Stephen Oliver

Stephen Oliver’s latest collection of poetry is titled, Either Side The Horizon, Titus Books, Auckland / Sydney, 2005. His next collection titled, Harmonic is forthcoming from IP Interactive Publications, Brisbane, in 2008. IP is to release his CD recording of poems read by the author, to music composed by Matt Ottley, November, 2007. The CD is titled: KING HIT Selected Readings. 



An Avenue To The Sea

Knowledge comes by indirect paths,
found addresses, by moonlight’s note left on the

back doorstep, molecular puzzle

of pigeons (brown and white potsherd)
in the high air at mid-day over this raucous town.

By panels of light cantilevered off cloud
that signal the departure of angels to earthly realms.

City of property investors, real estate mania.
City of rack renters and home renovators.

City of bladed light and blue-grey harbour.
City of broken contracts and sybaritic compulsion.

City of up-front rip-offs and council rorts.
City of jasmine and the eternal summer party.

City of shimmer dreams-sans-memory.

The most famous of living poets remain anonymous
and unrecognized in foreign towns,
                   ghosts before their time.

An avenue of artists, philosophers, poets, musicians
leads from the city square out through suburbs,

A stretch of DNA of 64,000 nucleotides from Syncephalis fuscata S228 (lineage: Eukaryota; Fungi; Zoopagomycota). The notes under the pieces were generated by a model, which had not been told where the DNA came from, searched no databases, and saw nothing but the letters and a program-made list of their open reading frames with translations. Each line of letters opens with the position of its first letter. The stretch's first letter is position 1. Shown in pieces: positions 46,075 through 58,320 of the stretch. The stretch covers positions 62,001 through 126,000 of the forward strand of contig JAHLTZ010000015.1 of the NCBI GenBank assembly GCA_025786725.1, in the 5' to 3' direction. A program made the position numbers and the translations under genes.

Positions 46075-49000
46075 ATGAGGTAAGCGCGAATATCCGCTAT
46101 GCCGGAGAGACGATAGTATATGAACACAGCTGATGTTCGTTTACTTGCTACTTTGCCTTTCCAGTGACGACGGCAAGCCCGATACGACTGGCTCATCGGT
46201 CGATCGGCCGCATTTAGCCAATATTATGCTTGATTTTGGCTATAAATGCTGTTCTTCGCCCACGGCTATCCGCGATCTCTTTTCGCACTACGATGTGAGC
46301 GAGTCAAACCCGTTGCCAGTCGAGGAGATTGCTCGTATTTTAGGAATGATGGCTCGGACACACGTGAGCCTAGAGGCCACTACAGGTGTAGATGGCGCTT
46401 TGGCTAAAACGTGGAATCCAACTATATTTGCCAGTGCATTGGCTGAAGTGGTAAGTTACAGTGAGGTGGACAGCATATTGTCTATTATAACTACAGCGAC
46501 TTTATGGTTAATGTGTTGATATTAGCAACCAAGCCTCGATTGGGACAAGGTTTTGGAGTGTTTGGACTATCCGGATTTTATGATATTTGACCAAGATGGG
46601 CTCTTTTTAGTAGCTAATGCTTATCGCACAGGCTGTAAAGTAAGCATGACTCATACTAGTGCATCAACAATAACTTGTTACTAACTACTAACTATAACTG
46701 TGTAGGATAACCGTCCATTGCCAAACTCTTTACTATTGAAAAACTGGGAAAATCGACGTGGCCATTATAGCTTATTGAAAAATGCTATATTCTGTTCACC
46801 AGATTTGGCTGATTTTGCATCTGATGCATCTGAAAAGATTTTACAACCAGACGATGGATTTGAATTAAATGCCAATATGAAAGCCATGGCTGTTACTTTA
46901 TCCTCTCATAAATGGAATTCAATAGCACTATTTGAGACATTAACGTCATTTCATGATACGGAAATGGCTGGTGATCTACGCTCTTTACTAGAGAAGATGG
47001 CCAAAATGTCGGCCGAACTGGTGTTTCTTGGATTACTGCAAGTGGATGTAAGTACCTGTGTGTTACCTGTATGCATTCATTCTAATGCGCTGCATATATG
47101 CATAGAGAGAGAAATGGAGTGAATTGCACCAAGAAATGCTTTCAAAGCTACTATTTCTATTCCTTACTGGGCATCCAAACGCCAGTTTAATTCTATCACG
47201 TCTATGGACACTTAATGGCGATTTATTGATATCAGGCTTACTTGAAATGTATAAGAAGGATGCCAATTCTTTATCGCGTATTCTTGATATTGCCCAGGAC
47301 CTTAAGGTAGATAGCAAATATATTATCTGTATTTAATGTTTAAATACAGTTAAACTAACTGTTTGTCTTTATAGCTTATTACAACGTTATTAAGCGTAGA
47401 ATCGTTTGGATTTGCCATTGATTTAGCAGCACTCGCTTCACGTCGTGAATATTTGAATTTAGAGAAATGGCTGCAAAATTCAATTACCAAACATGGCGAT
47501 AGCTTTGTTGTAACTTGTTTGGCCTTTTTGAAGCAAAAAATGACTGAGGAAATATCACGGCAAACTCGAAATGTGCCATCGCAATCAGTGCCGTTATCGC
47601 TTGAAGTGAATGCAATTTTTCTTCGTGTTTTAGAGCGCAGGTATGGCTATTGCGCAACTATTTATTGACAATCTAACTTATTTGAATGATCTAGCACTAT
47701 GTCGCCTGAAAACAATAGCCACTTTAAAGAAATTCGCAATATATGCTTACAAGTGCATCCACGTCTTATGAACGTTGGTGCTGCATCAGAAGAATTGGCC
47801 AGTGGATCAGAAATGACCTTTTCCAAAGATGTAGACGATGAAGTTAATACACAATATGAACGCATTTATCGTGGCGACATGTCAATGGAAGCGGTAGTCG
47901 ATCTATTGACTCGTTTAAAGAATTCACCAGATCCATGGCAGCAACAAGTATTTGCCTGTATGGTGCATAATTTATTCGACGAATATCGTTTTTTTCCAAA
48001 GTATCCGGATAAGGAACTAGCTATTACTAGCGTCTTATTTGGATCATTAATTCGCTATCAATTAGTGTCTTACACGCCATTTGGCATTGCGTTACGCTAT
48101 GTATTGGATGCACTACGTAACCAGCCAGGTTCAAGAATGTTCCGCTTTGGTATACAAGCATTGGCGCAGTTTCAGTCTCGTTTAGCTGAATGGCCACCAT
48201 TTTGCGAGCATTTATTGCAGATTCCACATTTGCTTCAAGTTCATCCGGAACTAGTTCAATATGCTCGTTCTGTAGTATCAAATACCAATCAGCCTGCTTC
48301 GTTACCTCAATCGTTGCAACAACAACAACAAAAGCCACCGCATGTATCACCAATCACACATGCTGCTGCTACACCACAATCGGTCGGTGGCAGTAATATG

past terra cotta, yellow, and liver-brick villas –
(smoke twists through pine and laurel grove)

an avenue wide enough for a phalanx of soldiers
or two tanks grazing side by side.

Flags of spiritual battles won and lost adorn poles
set at intervals, diminishing
                     whitely into distance,

where it is observed that a central point at the close
of the avenue, bright as diamonds streaming in

the light, (barely larger than your pupil) is the
sea burning in its cauldron of watery fragmentation.


For Night To Roll Its Camber Over

The ruddy glare,
         yellow, blurs its palette in rain,
at the boundaries of vision

flaring to white, blindingly, passes on (reassuringly)
          into darkness, a rubbery hiss.

August is the windiest month,
west, sou’ westerlies rattle the Sydney basin.

Light beams search down through underside
of cloud where planes lower unwaveringly toward

          North East, South West runways.

A machine screams slowly backwards over rooftops
(a sound that moves away-and-toward)

pushing space apart, seemingly swallowing itself.

Reverberations directly overhead wrap around
the room you’re in and rooming under

            for night to roll its camber over.